Nursery and landscape professionals as well as homeowners throughout Alabama continue to experience deer damage to ornamental plants due to the increasing populations of white-tailed deer (Odocoileus virginianus Zimmerman). To understand the extent of damage, surveys were created for green industry professionals and homeowners. The industry survey was sent to members of the Alabama Nursery and Landscape Association (ALNLA) (N = 223). The homeowner survey was sent to nine Master Gardener associations and administered through one day of onsite surveys at Huntsville Botanic Garden (N = 668). Questions inquired if respondents encountered injury to plants from whitetail deer, what types of preventive methods they were using, plants typically browsed, and extent of plant loss annually as a result of deer activity. Fifty-five percent of green industry professionals and 37% of homeowners answered ‘yes’ to damage problems, and of those, more homeowners (61%) than industry (41%) employed preventive methods to reduce deer browse. High fencing, electric fencing, Liquid Fence® repellent, and motion irrigation were the most effective of eleven preventive measures listed. Indian hawthorn (Rhaphiolepis indica L.) and hosta (Hosta spp.) were the most commonly damaged plants according to industry and homeowners, respectively. The majority of homeowners experienced damage during the spring, while industry participants reported most damage during the winter and fall months.

White-tailed deer are the most numerous large mammals in North America. With the continuing population increase of white-tailed deer, a significant number of nursery and landscape professionals as well as homeowners have experienced damage to ornamental plantings. As white-tailed deer populations in non-rural areas of Alabama increase, mainly due to growth of exurban environments of the 21st century, residential landscapes sustain more feeding damage. This research shows that the amount of damage correlates to the Alabama Department of Conservation and Natural Resources (2000) map of deer populations. Large amounts of damage were seen in east and west central Alabama and the northeast part of the state. While the majority of businesses and individuals that sustain deer damage are familiar with repellents, not all of them use repellents and the majority do not feel that they are cost effective. Exclusion methods such as fencing and scare tactics such as motion lighting and irrigation are among the most commonly used and thought to be the most effective at controlling deer damage. Alternative plantings that include plants that deer do not want to eat could reduce costs to homeowners, however many favorites would need to be left out of plantings. Further scientific research to compare effectiveness of various repellents is needed, as well as trials of plant material considered to be less attractive to deer.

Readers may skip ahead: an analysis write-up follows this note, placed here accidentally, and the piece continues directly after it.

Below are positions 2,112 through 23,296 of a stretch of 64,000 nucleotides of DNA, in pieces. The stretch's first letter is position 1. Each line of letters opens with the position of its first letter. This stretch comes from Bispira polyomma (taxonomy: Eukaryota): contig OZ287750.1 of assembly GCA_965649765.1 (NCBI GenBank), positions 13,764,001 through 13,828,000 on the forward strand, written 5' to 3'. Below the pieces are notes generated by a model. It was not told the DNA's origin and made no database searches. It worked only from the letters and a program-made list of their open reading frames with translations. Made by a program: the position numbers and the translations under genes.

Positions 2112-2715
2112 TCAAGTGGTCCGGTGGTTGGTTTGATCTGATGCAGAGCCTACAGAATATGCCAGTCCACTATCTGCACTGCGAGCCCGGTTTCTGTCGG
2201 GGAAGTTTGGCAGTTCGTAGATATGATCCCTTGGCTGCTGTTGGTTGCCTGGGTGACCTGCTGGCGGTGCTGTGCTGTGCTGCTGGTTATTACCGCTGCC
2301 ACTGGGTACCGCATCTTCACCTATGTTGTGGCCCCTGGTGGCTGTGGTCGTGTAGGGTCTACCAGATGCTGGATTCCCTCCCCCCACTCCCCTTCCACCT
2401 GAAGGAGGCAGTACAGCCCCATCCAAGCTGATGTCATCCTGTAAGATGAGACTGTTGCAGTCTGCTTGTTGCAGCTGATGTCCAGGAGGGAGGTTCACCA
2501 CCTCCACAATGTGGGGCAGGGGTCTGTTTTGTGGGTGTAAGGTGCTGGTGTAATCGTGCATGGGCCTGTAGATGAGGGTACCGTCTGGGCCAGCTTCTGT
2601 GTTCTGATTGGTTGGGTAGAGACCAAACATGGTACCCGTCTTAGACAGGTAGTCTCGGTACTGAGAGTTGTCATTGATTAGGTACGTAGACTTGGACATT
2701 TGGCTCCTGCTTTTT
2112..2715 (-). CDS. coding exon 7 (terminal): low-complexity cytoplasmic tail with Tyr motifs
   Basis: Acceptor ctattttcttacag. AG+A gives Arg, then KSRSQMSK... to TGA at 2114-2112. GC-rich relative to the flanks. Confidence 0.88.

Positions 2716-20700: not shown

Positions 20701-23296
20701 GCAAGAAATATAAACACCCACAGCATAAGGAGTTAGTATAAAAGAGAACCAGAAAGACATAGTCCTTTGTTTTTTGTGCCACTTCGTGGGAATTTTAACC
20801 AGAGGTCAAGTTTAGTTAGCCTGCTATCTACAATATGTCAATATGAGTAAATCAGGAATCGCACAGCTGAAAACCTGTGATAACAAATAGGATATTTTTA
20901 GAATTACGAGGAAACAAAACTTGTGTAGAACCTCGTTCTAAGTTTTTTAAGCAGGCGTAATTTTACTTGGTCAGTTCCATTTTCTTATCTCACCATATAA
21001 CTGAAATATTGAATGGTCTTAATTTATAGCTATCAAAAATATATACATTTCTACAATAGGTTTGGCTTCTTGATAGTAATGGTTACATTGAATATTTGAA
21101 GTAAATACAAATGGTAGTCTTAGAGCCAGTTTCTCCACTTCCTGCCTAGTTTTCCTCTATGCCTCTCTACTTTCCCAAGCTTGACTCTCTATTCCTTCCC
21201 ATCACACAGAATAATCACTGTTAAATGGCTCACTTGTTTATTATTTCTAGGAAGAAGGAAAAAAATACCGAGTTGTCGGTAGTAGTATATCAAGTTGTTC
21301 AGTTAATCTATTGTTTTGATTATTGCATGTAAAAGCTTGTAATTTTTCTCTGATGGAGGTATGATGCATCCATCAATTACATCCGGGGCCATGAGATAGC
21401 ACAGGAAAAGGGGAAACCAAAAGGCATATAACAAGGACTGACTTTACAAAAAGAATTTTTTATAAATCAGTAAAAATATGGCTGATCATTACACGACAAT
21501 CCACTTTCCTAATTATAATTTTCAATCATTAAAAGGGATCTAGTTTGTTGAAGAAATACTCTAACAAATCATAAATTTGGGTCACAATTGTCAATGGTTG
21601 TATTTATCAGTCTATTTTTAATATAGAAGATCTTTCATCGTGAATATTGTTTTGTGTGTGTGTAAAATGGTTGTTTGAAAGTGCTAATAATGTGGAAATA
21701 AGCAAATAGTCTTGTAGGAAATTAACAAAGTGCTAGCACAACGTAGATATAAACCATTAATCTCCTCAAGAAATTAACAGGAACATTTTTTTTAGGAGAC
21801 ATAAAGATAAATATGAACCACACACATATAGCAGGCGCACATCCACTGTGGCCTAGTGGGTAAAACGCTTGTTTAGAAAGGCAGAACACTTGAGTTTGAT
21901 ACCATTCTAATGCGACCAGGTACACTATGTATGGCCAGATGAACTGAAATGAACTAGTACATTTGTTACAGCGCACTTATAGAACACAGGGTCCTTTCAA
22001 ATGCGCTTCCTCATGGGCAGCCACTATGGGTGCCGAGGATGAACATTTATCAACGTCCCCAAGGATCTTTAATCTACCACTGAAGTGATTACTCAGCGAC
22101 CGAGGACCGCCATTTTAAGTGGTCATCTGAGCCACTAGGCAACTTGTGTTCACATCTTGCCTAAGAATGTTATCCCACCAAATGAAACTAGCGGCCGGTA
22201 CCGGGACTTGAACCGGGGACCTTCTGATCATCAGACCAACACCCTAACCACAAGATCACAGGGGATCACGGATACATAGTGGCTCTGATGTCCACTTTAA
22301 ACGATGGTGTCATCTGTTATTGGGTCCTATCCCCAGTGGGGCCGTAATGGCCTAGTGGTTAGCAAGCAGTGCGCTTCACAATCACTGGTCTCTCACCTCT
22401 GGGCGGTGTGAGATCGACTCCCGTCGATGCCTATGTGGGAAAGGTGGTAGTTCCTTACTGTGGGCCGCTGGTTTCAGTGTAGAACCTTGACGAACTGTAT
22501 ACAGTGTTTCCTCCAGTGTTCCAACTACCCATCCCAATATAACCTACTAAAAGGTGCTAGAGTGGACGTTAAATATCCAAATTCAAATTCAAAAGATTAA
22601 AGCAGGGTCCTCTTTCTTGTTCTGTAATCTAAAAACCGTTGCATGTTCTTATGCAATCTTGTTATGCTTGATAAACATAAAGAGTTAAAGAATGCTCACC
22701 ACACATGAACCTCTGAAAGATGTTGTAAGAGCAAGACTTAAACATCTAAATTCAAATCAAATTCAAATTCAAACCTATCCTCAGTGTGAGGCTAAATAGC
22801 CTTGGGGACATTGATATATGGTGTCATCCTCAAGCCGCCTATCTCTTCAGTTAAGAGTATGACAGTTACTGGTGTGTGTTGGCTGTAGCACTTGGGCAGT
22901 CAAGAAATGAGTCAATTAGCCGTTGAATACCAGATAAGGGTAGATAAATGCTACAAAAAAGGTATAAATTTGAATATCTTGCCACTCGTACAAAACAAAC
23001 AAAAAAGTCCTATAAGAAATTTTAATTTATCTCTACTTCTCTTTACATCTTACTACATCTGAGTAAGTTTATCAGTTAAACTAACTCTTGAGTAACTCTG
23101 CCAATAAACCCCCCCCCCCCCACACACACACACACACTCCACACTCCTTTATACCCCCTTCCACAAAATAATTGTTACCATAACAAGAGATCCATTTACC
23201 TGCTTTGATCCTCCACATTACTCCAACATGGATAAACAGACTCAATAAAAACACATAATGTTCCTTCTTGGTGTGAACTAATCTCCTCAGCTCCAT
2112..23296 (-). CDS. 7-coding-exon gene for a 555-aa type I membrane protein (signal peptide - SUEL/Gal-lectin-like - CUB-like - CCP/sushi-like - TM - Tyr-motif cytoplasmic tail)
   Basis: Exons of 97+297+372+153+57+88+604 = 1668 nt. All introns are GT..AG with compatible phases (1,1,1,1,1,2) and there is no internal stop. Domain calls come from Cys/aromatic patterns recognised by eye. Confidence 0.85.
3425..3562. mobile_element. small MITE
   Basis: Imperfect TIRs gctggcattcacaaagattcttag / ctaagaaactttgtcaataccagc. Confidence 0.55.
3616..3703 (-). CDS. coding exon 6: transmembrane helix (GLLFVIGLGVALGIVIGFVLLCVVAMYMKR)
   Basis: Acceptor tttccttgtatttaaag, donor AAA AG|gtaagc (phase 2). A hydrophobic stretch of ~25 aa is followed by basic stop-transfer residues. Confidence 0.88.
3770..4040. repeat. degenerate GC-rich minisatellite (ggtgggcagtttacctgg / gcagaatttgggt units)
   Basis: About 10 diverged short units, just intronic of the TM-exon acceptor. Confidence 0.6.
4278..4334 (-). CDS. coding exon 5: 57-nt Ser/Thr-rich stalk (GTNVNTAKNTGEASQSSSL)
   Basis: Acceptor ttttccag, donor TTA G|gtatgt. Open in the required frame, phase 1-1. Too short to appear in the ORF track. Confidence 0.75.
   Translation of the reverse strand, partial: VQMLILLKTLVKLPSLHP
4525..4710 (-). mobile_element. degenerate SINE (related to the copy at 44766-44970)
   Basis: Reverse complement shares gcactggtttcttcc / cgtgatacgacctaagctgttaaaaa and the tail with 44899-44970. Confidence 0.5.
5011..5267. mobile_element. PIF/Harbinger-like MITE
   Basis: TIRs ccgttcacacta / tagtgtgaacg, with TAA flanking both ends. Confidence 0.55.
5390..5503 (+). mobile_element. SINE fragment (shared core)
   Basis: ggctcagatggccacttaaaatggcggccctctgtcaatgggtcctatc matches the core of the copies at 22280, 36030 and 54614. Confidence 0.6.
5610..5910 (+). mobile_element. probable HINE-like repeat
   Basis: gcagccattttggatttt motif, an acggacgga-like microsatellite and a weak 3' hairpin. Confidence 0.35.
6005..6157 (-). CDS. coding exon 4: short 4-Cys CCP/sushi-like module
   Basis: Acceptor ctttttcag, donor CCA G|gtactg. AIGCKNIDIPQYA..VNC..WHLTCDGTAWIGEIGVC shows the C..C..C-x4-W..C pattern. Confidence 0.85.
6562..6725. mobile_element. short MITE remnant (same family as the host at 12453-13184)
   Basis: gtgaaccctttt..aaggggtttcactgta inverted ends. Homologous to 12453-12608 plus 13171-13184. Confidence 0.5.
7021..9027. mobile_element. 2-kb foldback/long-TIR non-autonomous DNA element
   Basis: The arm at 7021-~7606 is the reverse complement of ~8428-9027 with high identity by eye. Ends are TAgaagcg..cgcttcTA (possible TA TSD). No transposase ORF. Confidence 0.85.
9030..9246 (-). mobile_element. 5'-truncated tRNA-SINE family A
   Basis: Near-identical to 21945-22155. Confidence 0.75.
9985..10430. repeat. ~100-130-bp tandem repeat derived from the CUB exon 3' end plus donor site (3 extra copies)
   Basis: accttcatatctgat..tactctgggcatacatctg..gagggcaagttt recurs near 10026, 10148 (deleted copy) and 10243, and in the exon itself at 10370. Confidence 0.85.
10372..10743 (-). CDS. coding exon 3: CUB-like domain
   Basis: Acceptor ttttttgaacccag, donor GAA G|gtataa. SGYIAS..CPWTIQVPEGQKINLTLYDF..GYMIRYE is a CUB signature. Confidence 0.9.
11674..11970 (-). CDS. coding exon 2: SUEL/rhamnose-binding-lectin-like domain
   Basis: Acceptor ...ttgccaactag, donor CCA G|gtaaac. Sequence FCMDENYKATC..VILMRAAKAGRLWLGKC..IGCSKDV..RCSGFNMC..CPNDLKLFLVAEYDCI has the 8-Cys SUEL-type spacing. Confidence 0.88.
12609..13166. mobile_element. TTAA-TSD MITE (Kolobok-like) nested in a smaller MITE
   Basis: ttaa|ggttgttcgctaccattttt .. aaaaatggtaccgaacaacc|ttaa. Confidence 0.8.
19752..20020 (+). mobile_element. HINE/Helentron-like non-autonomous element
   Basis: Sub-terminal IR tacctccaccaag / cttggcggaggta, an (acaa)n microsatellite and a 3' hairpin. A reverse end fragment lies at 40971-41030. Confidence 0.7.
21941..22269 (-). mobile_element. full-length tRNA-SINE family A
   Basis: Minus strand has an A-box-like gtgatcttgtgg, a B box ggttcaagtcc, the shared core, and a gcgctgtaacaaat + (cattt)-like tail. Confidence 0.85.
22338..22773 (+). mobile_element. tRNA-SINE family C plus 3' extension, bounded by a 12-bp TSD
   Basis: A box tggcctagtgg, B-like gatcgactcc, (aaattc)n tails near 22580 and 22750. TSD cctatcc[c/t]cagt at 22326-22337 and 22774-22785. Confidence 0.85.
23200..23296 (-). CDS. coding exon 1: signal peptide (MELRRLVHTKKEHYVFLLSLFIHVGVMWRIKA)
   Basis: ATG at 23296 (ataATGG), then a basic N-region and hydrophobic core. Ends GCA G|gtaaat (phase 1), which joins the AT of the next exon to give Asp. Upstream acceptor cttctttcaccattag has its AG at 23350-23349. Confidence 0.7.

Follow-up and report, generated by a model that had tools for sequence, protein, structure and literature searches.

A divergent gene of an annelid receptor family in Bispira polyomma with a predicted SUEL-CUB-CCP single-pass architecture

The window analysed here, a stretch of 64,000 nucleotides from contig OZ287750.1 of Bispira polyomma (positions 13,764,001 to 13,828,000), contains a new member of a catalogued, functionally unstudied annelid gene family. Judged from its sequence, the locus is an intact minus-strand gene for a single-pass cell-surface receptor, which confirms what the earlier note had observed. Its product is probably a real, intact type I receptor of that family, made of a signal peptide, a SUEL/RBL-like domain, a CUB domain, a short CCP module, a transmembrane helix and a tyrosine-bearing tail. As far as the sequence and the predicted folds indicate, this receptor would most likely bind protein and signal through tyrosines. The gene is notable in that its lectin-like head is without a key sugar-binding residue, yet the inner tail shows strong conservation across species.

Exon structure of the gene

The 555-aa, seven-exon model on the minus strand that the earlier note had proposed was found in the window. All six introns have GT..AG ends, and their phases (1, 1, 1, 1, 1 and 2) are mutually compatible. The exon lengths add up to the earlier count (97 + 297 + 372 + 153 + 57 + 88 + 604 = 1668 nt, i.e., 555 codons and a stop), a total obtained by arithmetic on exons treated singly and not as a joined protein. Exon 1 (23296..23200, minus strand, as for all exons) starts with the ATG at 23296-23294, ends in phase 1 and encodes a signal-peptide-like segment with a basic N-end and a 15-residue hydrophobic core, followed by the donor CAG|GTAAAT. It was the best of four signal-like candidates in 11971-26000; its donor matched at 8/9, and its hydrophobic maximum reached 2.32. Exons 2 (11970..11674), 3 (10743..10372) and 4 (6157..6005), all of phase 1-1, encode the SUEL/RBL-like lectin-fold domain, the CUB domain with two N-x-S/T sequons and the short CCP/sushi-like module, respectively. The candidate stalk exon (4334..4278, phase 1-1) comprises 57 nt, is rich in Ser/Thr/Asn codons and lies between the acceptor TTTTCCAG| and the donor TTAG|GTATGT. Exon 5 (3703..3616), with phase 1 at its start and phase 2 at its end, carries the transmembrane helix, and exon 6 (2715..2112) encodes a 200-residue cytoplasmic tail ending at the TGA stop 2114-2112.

An estimated fifteen to twenty million white-tailed deer (Odocoileus virginianus Zimmerman) live in the United States, and 1.8 million live in Alabama alone (1, 4). White-tailed deer damage is becoming more prevalent as the green industry in Alabama develops. The economic impact of the green industry in Alabama has drastically increased from $1.9 billion in 2003 to$2.9 billion in 2007 providing jobs for more than 43,000 Alabamians (10). Increasing urbanization of rural landscapes continues to drive white-tailed deer out of their native habitats creating new challenges in suburban wildlife management due to direct human contact and interactions (5). Increased deer numbers in suburban areas are due to the exurban environments of the 21st century. These environments provide a patchwork of suburban areas separated by portions of wooded areas that provide suitable habitats for white-tailed deer (17). In comparison to deer living in forests and rural areas, these deer do face greater threats from vehicular accidents as adults and predation from coyotes and domestic animals as neonatal deer; however, their food sources are more predictable in these exurban environments (17). These ideal environments combined with overpopulation and a keen adaptability of white-tailed deer has led to the current problems experienced by homeowners and the green industry (3). Therefore, there is a need for more effective and cost efficient methods to manage white-tailed deer to reduce browse damage in suburban/exurban areas of Alabama.